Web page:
|History of Dunhuang |
The history of Mogao Grottoes dates back to 366 A.D. According to legend, a wandering monk, Yue Zun, arriving at the oasis below the cliffs, saw myriad golden lights on Mount Sanwei, as though thousands of Buddhas were giving off beams of lights. He then began to carve grottoes into the sandstone cliff and fill them with these Buddhist images. Thus started a Buddhist way station on the Silk Road, and also the long history of Dunhuang Mogao Grottoes…
Northern/Western Wei / Zhou Dynasty Period (386-557 A.D.)
From the Six Dynasties (or Northern and Southern partition) Period to the Northern and Western Wei Periods, 23 caves were created, reflecting the characteristics of India, the cradleland of Buddhism. The facial features of the sculptures of this period are broad faces and prominent cheeks, fine eyebrows, thin lips, high-set nose, and the body is generally slender and draped in a light clinging robe.
The paintings that adorn the cave walls illustrate parables and stories of Buddha’s life. The ceilings are decorated with geometric patterns, animals and legendary figures from Chinese mythology.
The Zhou Dynasty Period caves have the same general characteristics as the Wei. During this period, the caves were constructed by the Turkic-speaking Tobas who formed the Wei Dynasties. They adopted Chinese manners and customs.
Sui Dynasty (581-618 A.D.)
Ninety-five caves were built during this period. The unique Indian influence is gone, and the statues are often in the sitting position, the faces express greater warmth and humanity, less majesty and the clothing is more softly draped. The faces are fuller, with the ear lobes longer and the body halves are not always proportional. Ananda and Kashyapa, disciples of the Buddha are sculpted for the first time.
The paintings are rich in composition and design. The theme remains the life of the Buddha, but the garments are now ornately decorated, with the men wearing Chinese clothes and the women wearing slim robes with narrow sleeves. Sui artists have in some caves painted over the work of the Wei artists.
Tang Dynasty (618-907 A.D.)
Tang Dynasty reached Dunhuang's peak artistic achievements, during which 213 caves were hewn from the sandstone cliffs. The figures are more realistic. The small wall niches, which in earlier years were places for statues, became small rooms, some having multiple levels. Two large Buddhas were carved, one being 100 feet and another 75 feet high.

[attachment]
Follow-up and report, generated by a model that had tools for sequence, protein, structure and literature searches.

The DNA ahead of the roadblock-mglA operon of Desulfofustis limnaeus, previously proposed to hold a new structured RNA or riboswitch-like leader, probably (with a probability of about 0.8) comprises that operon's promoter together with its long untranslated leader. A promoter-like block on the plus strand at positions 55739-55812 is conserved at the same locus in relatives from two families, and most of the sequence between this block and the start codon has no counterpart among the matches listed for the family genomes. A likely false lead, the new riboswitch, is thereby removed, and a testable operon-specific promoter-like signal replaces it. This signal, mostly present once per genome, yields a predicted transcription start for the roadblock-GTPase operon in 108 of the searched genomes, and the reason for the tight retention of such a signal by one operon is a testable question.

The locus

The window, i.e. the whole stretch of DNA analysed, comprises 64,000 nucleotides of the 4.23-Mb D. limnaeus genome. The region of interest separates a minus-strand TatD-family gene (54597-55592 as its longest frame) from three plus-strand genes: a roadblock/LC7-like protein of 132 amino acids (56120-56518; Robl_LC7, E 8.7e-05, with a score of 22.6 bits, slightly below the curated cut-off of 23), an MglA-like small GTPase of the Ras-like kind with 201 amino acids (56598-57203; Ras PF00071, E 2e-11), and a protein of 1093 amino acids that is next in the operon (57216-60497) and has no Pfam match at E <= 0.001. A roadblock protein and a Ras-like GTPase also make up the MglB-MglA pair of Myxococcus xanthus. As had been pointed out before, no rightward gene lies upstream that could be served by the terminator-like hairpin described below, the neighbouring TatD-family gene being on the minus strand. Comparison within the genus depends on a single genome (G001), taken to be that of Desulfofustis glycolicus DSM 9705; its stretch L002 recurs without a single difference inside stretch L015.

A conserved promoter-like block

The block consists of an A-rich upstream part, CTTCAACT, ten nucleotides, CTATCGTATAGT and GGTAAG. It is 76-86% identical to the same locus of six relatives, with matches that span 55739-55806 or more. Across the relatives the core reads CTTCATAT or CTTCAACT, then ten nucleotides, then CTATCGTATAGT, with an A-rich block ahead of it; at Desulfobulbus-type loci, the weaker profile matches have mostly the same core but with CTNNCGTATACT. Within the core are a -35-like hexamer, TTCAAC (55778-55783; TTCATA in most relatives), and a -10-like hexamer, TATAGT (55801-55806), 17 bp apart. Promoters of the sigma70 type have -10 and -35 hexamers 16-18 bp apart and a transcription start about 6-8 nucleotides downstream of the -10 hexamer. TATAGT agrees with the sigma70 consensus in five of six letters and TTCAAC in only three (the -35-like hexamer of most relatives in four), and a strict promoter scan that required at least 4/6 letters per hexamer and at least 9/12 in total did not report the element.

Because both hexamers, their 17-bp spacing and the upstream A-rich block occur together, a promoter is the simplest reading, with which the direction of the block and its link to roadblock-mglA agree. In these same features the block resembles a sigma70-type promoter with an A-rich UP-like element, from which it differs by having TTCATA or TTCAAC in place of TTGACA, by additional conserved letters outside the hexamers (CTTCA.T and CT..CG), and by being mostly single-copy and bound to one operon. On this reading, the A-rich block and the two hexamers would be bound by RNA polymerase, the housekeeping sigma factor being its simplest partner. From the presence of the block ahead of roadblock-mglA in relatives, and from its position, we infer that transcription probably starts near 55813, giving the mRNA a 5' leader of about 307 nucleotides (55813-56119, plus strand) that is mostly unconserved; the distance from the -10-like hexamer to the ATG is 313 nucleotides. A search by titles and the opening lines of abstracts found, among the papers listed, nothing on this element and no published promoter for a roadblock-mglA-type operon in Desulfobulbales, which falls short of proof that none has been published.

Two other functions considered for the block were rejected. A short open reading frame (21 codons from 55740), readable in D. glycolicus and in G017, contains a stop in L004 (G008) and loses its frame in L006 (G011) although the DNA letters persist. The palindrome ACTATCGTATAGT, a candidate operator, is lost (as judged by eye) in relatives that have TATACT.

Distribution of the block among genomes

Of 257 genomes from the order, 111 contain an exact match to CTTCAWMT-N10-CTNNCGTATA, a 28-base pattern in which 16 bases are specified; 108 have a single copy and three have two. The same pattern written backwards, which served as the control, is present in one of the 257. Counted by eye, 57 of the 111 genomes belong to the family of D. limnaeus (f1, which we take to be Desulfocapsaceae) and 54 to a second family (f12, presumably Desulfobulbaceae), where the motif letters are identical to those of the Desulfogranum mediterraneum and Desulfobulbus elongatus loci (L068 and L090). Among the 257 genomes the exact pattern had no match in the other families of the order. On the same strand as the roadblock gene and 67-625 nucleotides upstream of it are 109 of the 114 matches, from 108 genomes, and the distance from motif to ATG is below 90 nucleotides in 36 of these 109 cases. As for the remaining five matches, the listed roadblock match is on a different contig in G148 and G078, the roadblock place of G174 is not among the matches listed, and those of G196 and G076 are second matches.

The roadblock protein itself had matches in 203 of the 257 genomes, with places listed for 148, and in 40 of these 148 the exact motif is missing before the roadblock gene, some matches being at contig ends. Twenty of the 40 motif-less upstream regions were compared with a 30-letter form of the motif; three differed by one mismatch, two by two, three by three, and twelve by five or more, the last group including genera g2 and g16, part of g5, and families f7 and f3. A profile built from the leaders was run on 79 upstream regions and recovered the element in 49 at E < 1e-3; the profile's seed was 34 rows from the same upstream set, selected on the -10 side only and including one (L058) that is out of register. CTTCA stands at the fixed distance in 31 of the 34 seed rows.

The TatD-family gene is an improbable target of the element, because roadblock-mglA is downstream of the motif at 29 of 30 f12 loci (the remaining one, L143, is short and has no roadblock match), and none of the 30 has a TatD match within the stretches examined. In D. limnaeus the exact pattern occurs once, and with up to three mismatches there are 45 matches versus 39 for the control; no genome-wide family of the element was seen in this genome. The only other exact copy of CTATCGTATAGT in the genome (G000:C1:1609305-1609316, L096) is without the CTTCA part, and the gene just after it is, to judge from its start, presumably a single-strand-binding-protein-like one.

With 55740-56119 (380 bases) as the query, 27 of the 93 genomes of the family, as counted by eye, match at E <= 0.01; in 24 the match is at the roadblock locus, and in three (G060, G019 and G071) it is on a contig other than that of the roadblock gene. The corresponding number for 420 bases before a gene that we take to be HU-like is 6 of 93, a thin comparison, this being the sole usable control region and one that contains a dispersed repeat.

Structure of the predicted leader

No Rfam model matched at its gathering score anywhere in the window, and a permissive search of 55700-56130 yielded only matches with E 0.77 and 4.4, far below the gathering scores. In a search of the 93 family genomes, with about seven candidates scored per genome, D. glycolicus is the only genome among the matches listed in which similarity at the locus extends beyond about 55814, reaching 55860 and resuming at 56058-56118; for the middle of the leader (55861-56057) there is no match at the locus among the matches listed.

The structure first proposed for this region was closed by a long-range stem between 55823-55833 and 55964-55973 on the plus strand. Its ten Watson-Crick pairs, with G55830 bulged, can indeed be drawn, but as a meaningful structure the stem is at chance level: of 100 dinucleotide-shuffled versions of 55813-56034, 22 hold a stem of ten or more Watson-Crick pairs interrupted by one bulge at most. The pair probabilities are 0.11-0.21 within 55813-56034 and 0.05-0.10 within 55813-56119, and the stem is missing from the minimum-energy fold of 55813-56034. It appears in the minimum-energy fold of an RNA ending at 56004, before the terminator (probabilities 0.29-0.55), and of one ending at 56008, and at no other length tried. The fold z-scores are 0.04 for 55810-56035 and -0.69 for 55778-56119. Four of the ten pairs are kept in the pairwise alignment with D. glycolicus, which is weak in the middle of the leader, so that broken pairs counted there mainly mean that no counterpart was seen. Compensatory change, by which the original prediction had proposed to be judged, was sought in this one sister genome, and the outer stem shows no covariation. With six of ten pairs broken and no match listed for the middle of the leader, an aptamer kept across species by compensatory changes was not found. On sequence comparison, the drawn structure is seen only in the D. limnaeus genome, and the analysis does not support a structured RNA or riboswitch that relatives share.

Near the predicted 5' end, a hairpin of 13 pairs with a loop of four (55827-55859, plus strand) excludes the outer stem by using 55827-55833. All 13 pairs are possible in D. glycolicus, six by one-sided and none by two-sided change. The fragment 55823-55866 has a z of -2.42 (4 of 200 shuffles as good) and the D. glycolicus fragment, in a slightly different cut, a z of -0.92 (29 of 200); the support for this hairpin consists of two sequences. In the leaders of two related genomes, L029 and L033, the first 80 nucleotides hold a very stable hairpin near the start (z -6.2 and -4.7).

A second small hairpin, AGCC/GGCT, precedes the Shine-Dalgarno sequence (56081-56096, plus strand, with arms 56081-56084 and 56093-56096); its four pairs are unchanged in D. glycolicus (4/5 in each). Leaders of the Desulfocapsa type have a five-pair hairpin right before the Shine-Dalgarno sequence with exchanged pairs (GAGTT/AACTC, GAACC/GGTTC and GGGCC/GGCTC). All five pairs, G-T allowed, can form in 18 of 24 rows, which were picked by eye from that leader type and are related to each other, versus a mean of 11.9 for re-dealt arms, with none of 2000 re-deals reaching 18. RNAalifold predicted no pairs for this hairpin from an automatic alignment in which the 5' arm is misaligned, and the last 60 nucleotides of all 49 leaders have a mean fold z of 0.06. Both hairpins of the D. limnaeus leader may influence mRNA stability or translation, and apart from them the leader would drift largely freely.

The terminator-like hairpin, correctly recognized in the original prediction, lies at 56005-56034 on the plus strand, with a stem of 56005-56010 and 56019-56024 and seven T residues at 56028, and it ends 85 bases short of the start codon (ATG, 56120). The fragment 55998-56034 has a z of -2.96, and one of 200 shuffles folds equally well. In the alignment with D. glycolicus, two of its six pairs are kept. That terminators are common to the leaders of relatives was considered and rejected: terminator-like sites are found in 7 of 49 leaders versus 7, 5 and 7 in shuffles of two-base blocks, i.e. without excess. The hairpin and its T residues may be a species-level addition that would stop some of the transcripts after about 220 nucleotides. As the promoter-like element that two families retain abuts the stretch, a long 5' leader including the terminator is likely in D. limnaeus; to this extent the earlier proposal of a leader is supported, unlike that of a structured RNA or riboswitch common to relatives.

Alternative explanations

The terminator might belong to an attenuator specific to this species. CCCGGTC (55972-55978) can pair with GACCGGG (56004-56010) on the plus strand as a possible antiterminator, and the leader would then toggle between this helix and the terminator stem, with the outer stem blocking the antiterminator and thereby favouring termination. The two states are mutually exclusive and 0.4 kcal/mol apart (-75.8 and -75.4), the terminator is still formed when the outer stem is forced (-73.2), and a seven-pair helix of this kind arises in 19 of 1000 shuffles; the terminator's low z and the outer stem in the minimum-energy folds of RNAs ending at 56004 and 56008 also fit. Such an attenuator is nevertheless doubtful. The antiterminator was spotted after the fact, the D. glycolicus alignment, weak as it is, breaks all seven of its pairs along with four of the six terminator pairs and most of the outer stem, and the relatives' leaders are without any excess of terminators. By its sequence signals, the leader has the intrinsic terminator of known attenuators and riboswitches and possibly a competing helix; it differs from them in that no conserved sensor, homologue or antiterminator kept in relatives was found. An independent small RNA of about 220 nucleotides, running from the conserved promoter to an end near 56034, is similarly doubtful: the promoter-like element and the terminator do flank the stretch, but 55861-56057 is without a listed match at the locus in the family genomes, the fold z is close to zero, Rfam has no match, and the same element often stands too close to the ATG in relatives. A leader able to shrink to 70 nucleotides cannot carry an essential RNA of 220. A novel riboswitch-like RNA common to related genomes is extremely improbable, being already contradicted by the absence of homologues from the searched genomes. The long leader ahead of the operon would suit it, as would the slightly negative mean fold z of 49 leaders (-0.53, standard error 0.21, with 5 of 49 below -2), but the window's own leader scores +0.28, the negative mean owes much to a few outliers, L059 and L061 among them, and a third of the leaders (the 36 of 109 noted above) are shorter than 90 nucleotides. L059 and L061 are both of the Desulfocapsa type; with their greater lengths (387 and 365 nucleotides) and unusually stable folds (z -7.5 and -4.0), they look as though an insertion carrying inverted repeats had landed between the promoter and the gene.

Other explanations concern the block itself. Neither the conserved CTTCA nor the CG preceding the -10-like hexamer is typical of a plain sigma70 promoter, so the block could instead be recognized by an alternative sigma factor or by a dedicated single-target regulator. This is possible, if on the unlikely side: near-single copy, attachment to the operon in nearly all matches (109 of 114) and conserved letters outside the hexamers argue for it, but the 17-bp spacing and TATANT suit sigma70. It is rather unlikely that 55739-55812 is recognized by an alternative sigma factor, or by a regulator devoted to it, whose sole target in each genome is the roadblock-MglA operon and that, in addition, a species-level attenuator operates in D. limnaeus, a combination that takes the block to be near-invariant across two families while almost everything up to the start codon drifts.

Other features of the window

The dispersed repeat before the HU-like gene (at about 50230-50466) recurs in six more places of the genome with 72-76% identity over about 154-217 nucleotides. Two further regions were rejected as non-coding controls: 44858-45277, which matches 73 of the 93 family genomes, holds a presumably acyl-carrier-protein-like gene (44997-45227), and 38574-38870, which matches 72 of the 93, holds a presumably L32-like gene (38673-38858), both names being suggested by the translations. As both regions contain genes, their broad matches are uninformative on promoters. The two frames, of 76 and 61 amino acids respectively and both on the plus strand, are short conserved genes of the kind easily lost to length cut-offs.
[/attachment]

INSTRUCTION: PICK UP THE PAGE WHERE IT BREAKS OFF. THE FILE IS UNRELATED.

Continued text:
The paintings in this time also tell the stories of the Buddha, and include pictures of Bodhisattvas, as well as the images of Tang Dynasty nobles and aristocrats. The influence of Persia and India is seen in the often-recurring mandalas. Multi-limbed and eyed statues appeared by the end of this period.
During the Five Dynasties (907-960 A.D.) and Song Dynasty (960-1279 AD) Periods, the inhabitants began to enlarge some of the caves and completely transform others. Thirty-three caves were made during the Five Dynasties, 98 from the Song Dynasty and three from the Western Xia (or Xi Xia) (1038-1227 A.D.). The most outstanding is a wall mural that depicts the main features of the terrain from Taiyuan in Shanxi Province to Zhenzhou in Hebei Province, including over 100 structures standing at the time in the Wutai Mountains.
The artwork is repetitive, and lacks the vitality of earlier eras. It is during this time that the Mogao Grottoes became an artistic backwater.
During the Mongolian Yuan Dynasty (1271-1368 A.D.), nine new caves were cut into the north face of the cliff. These caves are small and represent Mongolian style. Also large frescoes were painted, many of the figures representative of the Tibetan pantheon.
The Ming Dynasty (1368-1644 A.D.) and the Qing Dynasty (1644-1911 A.D.) made no advances, most of the artists just worked for redecoration.
Editor: Rebecca & Ronnie